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At a glance
Banks big and small are redesigning their branches. Here are a few of the features that are showing up:
•“Instant Issue” machines: They can print debit and credit cards immediately, so customers don’t have to wait a week for them to show up in the mail.
•High-end ATMs: Banks are introducing ATMs with expanded features, including the ability to distribute coins and $5 and $1 bills.
•Video access to tellers: Bank of America is introducing ATMs that let customers connect by video to off-site tellers. Citigroup, in the atrium of its flagship New York branch, has a video line that connects to an off-site teller 24/7.
•Teller cash recycler: These machines count cash so tellers don’t have to. They can accept and dispense money.
•Cardless access: JPMorgan says it is preparing to let customers sign on to ATMs with a tap of their smartphones, no card needed.
•Going paperless: More banks are using tablet computers instead of paper when branch customers sign up for loans or other products.
Associated Press photos
Customers use self-service banking kiosks at a JPMorgan Chase lobby in New York. Banks are touting branches where machines count cash so tellers don’t have to.

Banks build branches with eye on the future

A customer does banking using a monitor to connect by video to an off-site teller in Seoul, South Korea.

– In an age when checks can be deposited by smartphone and almost everyone retrieves cash from ATMs, the corner bank can seem a relic, with its paper deposit slips, marble countertops and human tellers behind glass partitions.

But some banking executives say the brick-and-mortar branch is still the best way to serve existing customers and snag new ones. They’re trying to rebuild the nation’s neighborhood banks into hip, airy spaces where customers sign up for loans without touching a piece of paper, sign in to ATMs with a tap of their smartphones and talk to off-site tellers by video.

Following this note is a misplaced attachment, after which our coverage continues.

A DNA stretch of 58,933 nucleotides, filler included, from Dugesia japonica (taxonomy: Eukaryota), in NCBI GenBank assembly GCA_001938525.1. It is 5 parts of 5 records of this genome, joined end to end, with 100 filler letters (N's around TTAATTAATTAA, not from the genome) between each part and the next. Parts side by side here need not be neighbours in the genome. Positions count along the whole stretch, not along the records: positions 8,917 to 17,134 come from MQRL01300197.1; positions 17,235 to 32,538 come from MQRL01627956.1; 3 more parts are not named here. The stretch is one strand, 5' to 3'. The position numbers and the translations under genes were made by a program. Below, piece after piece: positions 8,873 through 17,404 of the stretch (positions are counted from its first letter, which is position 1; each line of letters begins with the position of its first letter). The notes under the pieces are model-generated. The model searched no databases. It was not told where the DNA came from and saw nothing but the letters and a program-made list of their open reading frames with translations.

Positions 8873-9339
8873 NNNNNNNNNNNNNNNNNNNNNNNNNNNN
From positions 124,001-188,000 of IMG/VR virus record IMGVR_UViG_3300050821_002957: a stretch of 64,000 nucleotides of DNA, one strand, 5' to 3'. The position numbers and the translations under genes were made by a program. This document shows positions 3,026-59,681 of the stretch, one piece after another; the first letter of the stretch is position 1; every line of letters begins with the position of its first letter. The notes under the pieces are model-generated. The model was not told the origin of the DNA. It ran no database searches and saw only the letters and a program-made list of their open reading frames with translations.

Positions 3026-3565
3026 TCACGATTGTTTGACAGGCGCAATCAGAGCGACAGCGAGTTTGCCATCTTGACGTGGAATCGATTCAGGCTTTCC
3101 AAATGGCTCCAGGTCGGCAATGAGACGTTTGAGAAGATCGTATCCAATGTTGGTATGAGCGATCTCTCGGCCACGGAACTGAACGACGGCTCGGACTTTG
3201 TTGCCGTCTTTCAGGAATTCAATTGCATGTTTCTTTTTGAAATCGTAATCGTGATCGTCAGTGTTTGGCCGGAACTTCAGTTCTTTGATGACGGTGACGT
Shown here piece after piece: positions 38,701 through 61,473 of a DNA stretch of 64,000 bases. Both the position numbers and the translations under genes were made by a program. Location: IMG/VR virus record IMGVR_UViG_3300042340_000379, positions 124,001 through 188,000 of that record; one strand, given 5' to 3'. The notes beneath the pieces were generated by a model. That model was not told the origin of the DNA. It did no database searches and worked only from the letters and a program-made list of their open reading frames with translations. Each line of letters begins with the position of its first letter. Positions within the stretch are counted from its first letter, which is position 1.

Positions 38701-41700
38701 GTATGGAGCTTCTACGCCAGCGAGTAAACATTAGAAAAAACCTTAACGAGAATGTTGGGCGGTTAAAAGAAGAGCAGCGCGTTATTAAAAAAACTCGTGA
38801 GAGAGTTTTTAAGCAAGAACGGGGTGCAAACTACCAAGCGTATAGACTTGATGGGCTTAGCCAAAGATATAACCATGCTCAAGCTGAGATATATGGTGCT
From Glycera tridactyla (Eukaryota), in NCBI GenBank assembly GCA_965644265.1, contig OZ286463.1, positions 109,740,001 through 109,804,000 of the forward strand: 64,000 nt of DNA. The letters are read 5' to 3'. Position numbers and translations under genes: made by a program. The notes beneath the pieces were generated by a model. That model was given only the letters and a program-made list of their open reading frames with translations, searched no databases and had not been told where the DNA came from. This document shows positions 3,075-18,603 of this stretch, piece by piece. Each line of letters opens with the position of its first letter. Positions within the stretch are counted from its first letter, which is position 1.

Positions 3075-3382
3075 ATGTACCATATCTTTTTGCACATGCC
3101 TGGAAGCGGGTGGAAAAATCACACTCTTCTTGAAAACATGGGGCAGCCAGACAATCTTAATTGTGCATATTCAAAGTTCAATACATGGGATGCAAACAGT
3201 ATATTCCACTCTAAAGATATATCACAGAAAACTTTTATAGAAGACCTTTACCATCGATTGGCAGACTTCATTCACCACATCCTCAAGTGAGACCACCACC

Flashiness is only part of the reason for the makeovers. Mounting costs from legal fees and new regulations – vestiges of the financial crisis – have given the banks good reason to become more efficient. The new branches will help them replace expensive human workers with cheaper machines, a development that could eventually make the bank teller an endangered species.

Most redesigns aim to let customers complete simple transactions, such as deposits, for themselves. That frees bank employees for tasks that make money, such as persuading someone to put money into a mutual fund or refinance a mortgage.

“Banks have been talking about ‘branch of the future’ for more than a decade,” said Bob Meara, a senior banking analyst at Celent. “And almost nobody has been doing anything until the past couple years.”

Banks large and small are on board. In a Celent survey in June, 55 percent of banks said they were planning significant changes to their branches, up from 24 percent two years earlier.

At an investor conference in February, JPMorgan Chase executives touted their new branches as places where ATMs distribute exact change, machines count cash so tellers don’t have to and open floor plans evoke the atmosphere of an Apple store or boutique hotel, features that other banks are also embracing.

Still, there are perils in overhauling an institution as familiar as the bank branch. It can be expensive. And if changes are too extreme, customers get annoyed.

“To be honest,” said Mike Weinbach, JPMorgan’s head of sales for consumer banking, “we don’t know if we have it right.”

“I don’t think anyone knows exactly what the future of banking’s going to look like,” he added. He declined to say how much JPMorgan is spending on its new branches.

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